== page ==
Last month the Centers for Medicare & Medicaid Services (CMS) announced a freeze on the code for ICD-9 and ICD-10. After the annual code update scheduled for Oct. 1, 2011, the next regular update won’t occur until 2014 — and by then it will affect only ICD-10 because CMS is mandating a transition to ICD-10 code on Oct. 1, 2013.
Because some coders are struggling with the transition to ICD-10, and others are describing it as more significant, and more difficult than the last decade’s Y2K transition, the freeze is generally viewed as a welcome respite. Of course, it does mean that problems with the ICD-10 code could go three years without being fixed, though updates associated with new diseases and technologies will be made in 2012 and 2013.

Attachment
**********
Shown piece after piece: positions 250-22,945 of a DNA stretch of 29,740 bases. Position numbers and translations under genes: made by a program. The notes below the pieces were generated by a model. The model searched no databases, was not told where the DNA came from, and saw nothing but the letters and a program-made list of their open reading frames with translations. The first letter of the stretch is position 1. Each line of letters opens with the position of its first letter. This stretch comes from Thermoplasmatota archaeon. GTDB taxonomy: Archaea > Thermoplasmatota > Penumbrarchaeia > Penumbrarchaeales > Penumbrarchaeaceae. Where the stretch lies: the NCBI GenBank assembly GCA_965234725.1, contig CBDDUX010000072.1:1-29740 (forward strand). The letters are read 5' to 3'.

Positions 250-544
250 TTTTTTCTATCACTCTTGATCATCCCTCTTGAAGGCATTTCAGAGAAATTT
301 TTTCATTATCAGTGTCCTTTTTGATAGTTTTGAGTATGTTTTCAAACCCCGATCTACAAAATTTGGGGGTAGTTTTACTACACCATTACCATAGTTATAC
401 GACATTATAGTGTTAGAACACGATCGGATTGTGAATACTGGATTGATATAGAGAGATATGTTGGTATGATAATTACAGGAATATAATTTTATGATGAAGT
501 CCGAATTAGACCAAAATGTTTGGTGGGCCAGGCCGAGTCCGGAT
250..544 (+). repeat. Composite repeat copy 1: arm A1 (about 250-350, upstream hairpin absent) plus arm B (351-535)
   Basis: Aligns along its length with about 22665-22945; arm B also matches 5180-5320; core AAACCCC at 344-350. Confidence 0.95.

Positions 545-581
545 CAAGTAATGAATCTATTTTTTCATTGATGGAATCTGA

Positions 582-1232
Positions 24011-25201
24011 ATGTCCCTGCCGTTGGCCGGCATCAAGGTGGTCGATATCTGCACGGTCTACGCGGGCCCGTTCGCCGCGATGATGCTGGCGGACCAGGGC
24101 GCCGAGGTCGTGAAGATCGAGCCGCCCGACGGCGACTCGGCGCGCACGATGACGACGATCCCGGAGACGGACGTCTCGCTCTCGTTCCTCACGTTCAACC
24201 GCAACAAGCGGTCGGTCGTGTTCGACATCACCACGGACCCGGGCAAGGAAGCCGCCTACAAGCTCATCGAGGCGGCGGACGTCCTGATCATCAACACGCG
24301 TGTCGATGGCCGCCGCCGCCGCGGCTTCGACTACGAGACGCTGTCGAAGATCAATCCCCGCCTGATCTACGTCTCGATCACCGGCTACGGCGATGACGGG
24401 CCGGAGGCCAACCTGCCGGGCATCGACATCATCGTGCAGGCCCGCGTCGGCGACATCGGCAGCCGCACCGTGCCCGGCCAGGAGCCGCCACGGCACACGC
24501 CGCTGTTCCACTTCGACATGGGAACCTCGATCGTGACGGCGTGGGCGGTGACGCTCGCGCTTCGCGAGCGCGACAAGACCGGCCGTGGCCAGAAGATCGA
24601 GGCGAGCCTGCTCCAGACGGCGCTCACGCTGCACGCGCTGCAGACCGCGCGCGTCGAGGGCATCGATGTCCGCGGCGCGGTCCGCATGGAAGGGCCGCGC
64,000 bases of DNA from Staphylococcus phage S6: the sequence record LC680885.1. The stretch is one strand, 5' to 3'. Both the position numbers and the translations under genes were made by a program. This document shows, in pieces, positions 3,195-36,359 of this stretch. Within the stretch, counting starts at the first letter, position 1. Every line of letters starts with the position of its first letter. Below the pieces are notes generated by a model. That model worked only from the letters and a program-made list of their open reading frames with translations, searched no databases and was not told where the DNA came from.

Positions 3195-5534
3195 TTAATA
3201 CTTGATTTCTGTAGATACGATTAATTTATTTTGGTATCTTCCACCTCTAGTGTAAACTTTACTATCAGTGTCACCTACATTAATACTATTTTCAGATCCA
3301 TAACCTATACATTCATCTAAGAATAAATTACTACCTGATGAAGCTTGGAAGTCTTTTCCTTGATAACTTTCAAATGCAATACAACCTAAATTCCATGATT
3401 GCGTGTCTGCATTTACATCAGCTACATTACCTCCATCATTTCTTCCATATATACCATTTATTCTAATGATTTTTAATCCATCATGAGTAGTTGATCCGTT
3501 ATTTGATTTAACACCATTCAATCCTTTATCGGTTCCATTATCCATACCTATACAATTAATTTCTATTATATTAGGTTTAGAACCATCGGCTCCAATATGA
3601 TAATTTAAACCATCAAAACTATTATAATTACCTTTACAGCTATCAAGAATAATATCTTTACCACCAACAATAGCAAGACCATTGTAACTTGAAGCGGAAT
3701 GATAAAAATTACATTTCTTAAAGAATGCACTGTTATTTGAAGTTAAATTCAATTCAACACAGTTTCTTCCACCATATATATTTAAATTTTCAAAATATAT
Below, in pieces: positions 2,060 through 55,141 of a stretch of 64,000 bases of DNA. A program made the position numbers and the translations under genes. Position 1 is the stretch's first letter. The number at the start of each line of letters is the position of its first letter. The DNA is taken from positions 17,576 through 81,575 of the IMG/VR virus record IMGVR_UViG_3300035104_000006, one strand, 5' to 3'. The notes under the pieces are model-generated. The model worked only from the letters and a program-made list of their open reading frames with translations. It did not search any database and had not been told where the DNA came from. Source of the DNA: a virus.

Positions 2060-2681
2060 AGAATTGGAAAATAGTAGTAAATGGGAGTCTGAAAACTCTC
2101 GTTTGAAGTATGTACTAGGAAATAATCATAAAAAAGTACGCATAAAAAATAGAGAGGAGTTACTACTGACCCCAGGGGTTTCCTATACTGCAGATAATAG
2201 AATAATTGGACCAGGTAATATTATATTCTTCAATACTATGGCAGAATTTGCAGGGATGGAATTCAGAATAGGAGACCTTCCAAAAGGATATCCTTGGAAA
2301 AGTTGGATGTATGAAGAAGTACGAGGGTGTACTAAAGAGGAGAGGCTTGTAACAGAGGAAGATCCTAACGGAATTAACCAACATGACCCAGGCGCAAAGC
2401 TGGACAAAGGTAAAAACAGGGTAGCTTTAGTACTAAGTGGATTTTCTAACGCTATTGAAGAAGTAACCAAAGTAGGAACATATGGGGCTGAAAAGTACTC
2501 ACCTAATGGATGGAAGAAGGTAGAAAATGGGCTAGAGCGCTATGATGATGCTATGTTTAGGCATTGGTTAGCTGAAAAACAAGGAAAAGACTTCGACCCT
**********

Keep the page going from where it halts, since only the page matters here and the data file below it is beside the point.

Ultimately, there is a lot of concern about the ICD-10 transition and how it could affect providers. There is no official penalty for failing to use ICD-10 codes beginning on Oct. 1, 2013, but organizations that aren’t using ICD-10, simply put, will not get paid.
To help providers along, the Healthcare Information and Management Systems Society (HIMSS) has developed an ICD-10 predictive model, a Microsoft Excel-based application that can determine the costs associated with making the transition and its effects on the revenue cycle. The model will be available to HIMSS members later this year. Hopefully that will give providers enough time.